• The Times reports

    “Care homes are being charged more than £90 an hour for agency nurses who are vaccinated as staff shortages reach critical levels across the country.

    The scarcity of nurses and carers has left care homes and hospitals scrapping over agency workers and even led to shift bookings being “gazumped”, just as a buyer would offer more money to beat a rival to a new home.
    A shortfall in staff has been exacerbated by the introduction of compulsory vaccination for care workers on November 11. The deadline for NHS staff to be fully vaccinated is April 1.
    Geoff Butcher, chief executive of Blackadder Corporation Ltd, which runs six homes in the West Midlands, said: “We’re at a point where it’s financially just cripplingly unviable.”

    Local authorities need to be able to pay £200 to £250 a week more for residential care home to maintain the financial viability of care homes that have up to now relied on cross-funding by self-funders that will now be capped in the future.

  • Barry Lofty 28th Nov '21 - 3:32pm

    Care homes maybe having problems coping with staffing levels at the moment due to the pandemic and vaccination rules and that will certainly not help with the cost of care issue but that does not excuse the massive profits they have made in the past at the expense of people who have no other choice when such help is urgently needed.

  • Barry,

    the care crisis is as much in domiciliary care as it is in residential homes. Patients in Sheffield are being treated in ambulances as beds are blocked by elderly patients who cannot be discharged because there are no care workers to look after them in their homes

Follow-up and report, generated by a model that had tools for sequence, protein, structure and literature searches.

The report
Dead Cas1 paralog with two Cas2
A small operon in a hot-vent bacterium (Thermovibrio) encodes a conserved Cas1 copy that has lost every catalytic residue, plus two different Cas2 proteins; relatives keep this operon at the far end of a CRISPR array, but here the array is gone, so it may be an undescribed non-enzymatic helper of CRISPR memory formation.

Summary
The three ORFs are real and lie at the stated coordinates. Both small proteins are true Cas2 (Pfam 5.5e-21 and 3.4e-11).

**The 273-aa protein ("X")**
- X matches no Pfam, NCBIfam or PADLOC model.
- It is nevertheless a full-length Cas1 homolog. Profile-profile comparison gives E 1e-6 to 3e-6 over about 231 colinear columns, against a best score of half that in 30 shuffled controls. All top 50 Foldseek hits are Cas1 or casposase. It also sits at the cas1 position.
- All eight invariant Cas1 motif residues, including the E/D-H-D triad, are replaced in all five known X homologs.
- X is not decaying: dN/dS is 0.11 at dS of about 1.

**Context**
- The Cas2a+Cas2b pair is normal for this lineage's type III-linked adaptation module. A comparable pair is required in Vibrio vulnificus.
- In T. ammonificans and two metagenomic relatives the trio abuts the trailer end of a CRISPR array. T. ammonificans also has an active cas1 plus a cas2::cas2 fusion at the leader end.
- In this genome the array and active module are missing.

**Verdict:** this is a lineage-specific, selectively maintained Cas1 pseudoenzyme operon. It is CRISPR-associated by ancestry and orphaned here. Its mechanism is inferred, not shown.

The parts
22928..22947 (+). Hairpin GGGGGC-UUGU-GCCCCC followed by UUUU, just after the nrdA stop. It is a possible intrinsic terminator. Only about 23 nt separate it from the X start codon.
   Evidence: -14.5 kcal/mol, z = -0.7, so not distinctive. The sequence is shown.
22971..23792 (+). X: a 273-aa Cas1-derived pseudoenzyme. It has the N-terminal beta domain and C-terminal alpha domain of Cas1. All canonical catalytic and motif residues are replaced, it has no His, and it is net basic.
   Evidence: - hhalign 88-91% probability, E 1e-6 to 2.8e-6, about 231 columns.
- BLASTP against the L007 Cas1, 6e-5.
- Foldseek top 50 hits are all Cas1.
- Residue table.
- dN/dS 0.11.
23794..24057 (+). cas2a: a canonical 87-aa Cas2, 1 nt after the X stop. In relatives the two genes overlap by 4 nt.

In the care home sector there has been little local authority investment for decades. 84% of care home beds in England owned by private firms, mostly smaller family run businesses. The larger operators are private equity firms carrying high levels of debt that would be unsustainable if interest rates start to increase significantly.
    Age UK is calling for for a new national system that’s free and available to everyone when they need it
    The problems come back to funding in the end and the only people who can solve the funding problem are homeowners

  • Barry Lofty 28th Nov '21 - 6:14pm

    [email protected] Thanks for the links especially the Age uk article, a charity that does impressive work for the elderly and I understand the recent cap is a great step in the right direction I just hope it is just the beginning of great change in our care homes debacle!